Before a neighborhood can become home to a bonafide dining scene, there always has to be one pioneer that gets things started. In Boston’s Mission Hill neighborhood—wedged between Roxbury, Jamaica Plain and the Fenway area near the Museum of Fine Arts—that restaurant might just turn out to be The Savant Project (1625 Tremont St., 617-566-5958), an eatery boasting Latin- and Asian-inspired cuisine, a drink menu packed with unique cocktails made from cordials and aperitifs (the lack of a full liquor license seemingly not regarded an obstacle, but rather a source of inspiration) and an artsy vibe that includes graffiti-muralled walls, exhibits by local artists and regular shows by live musicians and DJs. When more eateries start pouring in and hipsters are falling all over themselves for reservations, just remember the deep thinkers at Savant that got the ball rolling.

Twice as Nice
Bostonians are used to Dunkin’ Donuts multiplying like rabbits every time they turn around, but recently, some more substantial eateries have been reproducing around our fair city. As mentioned above, steak lovers got a second Morton’s location to enjoy, while lovers of upscale Chinese food saw a second P.F. Chang’s (refer to restaurant listing) open in the Shops at Prudential Center. Z Square, the Harvard Square restaurant specializing in comfort food with international accents, opened a second location on the campus of Boston University (580 Commonwealth Ave., 617-425-0101). And one local chain continued its march toward total domination of the Massachusetts pizza market, as Beacon Hill pizzeria The Upper Crust spread into the suburbs of Waltham, Watertown and Hingham, bringing their total to eight locations, with no end in sight.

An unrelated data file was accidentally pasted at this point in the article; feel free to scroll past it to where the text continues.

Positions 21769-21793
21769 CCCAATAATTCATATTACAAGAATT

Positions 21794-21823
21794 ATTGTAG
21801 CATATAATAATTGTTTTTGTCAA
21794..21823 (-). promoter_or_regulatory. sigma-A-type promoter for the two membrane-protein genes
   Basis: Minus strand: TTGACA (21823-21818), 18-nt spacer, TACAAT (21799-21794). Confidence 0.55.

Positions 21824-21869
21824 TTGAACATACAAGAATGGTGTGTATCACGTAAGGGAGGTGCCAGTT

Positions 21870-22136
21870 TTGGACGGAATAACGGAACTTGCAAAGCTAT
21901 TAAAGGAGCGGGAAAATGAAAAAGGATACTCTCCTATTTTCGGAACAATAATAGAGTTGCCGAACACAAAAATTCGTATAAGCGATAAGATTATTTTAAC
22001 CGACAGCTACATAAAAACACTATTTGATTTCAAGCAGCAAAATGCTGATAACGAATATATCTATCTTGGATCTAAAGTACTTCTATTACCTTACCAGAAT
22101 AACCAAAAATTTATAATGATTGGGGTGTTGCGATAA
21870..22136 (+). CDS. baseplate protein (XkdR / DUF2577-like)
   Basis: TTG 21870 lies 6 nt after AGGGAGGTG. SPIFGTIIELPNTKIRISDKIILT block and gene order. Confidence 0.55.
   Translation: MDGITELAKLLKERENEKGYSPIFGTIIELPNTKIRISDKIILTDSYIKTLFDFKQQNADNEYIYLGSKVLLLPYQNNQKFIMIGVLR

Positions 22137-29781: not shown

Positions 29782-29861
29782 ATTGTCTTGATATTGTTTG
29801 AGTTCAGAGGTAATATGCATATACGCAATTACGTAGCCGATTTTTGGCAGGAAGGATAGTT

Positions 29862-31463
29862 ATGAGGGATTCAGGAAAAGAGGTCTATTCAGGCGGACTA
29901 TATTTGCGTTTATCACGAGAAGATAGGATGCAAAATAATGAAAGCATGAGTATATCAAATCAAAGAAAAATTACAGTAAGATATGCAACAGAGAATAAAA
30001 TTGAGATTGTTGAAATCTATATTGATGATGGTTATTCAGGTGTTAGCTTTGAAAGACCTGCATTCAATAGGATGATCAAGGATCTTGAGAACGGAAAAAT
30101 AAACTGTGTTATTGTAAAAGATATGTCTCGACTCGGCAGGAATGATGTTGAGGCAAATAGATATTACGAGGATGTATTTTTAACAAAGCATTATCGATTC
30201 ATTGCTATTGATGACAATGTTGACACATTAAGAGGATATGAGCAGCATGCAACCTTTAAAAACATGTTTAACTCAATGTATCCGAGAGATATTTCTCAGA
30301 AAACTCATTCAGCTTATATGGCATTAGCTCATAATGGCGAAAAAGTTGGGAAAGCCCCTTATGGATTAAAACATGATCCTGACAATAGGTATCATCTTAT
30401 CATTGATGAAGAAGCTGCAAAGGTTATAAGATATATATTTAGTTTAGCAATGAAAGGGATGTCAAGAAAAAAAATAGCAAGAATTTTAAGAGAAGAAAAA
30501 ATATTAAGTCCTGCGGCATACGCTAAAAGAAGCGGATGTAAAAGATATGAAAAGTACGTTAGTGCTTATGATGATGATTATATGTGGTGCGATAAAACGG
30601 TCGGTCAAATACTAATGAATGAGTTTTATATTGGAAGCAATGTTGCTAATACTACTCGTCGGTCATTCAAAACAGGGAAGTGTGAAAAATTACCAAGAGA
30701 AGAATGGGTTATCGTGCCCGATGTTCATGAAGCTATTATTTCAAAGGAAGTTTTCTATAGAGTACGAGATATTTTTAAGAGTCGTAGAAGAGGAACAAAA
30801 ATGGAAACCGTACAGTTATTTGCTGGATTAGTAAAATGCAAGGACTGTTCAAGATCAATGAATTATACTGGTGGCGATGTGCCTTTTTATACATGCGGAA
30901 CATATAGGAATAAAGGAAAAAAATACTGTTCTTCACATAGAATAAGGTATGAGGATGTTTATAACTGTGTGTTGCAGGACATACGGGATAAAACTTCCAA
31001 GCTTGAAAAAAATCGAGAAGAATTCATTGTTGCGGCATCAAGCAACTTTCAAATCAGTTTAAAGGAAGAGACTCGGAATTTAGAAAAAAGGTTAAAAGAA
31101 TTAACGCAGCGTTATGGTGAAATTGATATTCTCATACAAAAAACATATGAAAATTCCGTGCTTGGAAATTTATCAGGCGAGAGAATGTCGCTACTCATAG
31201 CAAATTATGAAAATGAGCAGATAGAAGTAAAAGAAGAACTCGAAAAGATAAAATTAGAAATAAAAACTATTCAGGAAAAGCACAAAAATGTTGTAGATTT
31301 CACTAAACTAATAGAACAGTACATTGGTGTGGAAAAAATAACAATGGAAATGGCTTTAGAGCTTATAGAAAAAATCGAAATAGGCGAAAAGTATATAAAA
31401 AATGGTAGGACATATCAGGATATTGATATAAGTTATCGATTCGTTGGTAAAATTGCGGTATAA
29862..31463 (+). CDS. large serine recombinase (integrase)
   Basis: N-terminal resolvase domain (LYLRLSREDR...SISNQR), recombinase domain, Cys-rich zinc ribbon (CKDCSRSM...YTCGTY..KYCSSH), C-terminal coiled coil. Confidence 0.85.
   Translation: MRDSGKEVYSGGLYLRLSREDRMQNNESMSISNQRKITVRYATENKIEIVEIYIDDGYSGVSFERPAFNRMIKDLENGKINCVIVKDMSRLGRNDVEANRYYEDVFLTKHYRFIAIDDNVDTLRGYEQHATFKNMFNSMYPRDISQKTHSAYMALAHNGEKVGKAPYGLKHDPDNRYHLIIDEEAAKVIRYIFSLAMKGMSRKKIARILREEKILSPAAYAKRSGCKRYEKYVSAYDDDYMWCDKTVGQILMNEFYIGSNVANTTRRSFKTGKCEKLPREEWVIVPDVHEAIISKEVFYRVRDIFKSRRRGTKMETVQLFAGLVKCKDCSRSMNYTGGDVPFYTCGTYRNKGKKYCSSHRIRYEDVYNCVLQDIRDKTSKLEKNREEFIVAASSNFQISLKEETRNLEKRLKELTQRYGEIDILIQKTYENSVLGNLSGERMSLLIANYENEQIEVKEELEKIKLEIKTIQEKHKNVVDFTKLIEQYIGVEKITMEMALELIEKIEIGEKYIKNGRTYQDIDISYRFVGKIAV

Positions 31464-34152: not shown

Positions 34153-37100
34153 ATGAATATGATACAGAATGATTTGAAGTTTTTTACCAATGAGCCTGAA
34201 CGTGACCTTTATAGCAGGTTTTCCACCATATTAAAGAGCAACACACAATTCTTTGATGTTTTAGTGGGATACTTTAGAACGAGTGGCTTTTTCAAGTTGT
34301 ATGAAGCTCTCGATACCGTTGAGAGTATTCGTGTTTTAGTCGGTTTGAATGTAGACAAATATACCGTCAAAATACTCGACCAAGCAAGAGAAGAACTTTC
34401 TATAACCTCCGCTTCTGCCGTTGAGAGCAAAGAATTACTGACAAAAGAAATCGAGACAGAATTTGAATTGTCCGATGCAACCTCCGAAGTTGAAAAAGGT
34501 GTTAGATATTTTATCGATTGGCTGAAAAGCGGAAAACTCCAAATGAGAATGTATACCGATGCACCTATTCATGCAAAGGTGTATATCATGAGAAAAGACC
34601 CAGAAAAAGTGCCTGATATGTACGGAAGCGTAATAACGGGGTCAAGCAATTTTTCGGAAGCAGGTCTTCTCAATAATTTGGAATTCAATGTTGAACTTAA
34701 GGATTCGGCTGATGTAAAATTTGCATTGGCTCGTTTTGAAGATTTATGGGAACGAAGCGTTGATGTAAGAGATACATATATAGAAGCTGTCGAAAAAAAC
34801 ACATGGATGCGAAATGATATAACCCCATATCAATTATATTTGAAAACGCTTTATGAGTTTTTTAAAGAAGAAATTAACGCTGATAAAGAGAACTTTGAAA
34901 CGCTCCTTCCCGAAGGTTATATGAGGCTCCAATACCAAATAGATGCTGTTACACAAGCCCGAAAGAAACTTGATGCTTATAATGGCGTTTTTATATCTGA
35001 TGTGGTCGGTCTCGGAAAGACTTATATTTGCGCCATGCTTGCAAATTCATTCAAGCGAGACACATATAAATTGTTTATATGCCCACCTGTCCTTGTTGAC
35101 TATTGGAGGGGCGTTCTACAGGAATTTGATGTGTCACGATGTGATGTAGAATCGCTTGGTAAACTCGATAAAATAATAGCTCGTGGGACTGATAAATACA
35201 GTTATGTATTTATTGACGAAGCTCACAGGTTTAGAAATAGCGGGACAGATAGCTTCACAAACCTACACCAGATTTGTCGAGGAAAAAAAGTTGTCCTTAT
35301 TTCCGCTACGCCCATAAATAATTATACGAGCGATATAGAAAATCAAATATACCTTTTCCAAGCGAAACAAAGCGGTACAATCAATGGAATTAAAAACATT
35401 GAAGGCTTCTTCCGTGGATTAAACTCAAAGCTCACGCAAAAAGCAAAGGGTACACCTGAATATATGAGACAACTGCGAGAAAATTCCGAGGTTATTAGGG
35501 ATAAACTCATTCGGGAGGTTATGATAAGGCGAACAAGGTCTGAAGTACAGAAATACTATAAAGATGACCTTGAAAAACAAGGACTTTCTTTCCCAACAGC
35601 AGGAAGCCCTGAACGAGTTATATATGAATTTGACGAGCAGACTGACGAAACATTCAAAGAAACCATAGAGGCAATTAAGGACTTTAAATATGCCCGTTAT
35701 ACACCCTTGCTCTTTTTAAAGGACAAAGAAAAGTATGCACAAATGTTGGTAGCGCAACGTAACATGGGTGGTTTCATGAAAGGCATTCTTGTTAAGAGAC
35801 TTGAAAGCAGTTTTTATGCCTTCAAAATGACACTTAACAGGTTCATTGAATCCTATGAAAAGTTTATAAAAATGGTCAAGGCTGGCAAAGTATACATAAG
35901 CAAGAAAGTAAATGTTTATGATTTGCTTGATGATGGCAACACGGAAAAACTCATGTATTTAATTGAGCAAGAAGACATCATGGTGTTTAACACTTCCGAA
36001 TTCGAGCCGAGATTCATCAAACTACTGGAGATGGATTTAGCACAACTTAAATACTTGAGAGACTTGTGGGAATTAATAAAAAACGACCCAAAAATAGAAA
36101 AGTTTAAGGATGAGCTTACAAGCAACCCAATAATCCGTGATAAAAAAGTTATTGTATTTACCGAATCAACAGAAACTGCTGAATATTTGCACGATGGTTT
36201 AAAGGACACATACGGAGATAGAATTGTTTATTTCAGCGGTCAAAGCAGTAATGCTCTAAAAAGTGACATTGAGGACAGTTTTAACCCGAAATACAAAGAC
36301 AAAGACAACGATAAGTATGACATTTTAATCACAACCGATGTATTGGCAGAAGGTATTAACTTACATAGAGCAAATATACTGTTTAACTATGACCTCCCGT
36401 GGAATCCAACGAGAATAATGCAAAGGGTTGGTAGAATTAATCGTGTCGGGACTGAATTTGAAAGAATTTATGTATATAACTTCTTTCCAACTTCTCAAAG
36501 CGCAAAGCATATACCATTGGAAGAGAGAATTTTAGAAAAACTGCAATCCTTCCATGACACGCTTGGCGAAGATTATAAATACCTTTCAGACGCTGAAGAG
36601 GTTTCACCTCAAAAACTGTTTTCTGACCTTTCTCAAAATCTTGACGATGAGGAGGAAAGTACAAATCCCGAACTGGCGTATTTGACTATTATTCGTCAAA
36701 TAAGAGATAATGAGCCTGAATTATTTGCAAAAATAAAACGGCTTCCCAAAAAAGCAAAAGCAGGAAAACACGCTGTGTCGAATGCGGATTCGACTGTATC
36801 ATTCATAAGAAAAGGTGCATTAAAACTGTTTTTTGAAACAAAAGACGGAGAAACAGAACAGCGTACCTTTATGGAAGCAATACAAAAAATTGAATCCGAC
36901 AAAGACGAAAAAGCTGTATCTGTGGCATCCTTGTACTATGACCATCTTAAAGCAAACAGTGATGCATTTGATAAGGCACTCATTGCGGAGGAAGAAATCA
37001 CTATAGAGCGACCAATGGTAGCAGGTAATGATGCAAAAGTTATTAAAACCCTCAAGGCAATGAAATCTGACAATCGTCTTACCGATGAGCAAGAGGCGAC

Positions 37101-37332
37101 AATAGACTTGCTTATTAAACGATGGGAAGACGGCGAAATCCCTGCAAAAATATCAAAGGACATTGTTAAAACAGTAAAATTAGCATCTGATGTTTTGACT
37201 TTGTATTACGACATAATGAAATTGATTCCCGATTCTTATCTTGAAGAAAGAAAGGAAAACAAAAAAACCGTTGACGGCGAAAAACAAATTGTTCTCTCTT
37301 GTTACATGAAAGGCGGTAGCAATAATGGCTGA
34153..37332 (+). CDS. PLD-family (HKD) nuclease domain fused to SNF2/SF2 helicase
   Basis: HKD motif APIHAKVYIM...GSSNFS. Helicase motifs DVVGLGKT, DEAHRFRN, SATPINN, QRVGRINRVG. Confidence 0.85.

A Dinner that STIX to Your Ribs
The concept sounds like something that Kramer might have come up with on an episode of “Seinfeld”—“a restaurant that serves all its food on sticks, Jerry!” But the culinary minds behind STIX (35 Stanhope St., 617-456-7849) were smart enough to know that a gimmick done right becomes more than a gimmick—it becomes a unique dining experience. At this fresh, funky and futuristic eatery, the bulk of the menu is, as advertised, comprised of different foods (chicken, steak, scallops, veggies, lamb—even foie gras) served on skewers. But these skewers are specially designed, flavor-infused sticks that imbue the food with exotic tastes ranging from citrus rosemary to ginger mango to Thai coconut lime. Space-age technology used to tickle the taste buds? Giddyup!

South End Still Sublime
While residents of the South End might have reason to bemoan the neighborhood’s increasing move away from its artsy-boho identity of the last few decades, one thing that hasn’t changed is the borough’s status as a flashpoint for hot new restaurants. Two of the city’s most popular new eateries in 2007—and into 2008—are located smack in the middle of the South End: The Beehive (refer to nightclub listing) and Gaslight Brasserie du Coin (560 Harrison Ave., 617-422-0224). Many of the throngs of revelers that swarm to red-hot nightspot The Beehive are there for the cool cocktails, nightly live jazz and Bohemian chic vibe, but the diverse food menu—including paella, Moroccan stew and almond crusted veal schnitzel—has won over Boston foodies in droves. And Gaslight expertly recreates the traditional Parisian brasserie, serving classic dishes like the croque monsieur, steak tartare, onion soup gratinee and escargots so good they’d make a Frenchman weak in the knees. With more new openings set for 2008—including Banq Restaurant and Bar, another French-inspired eatery (with elements of Indian spice) taking up residence in a former bank building—expect the South End to retain its lofty perch as Boston’s dining mecca for the foreseeable future.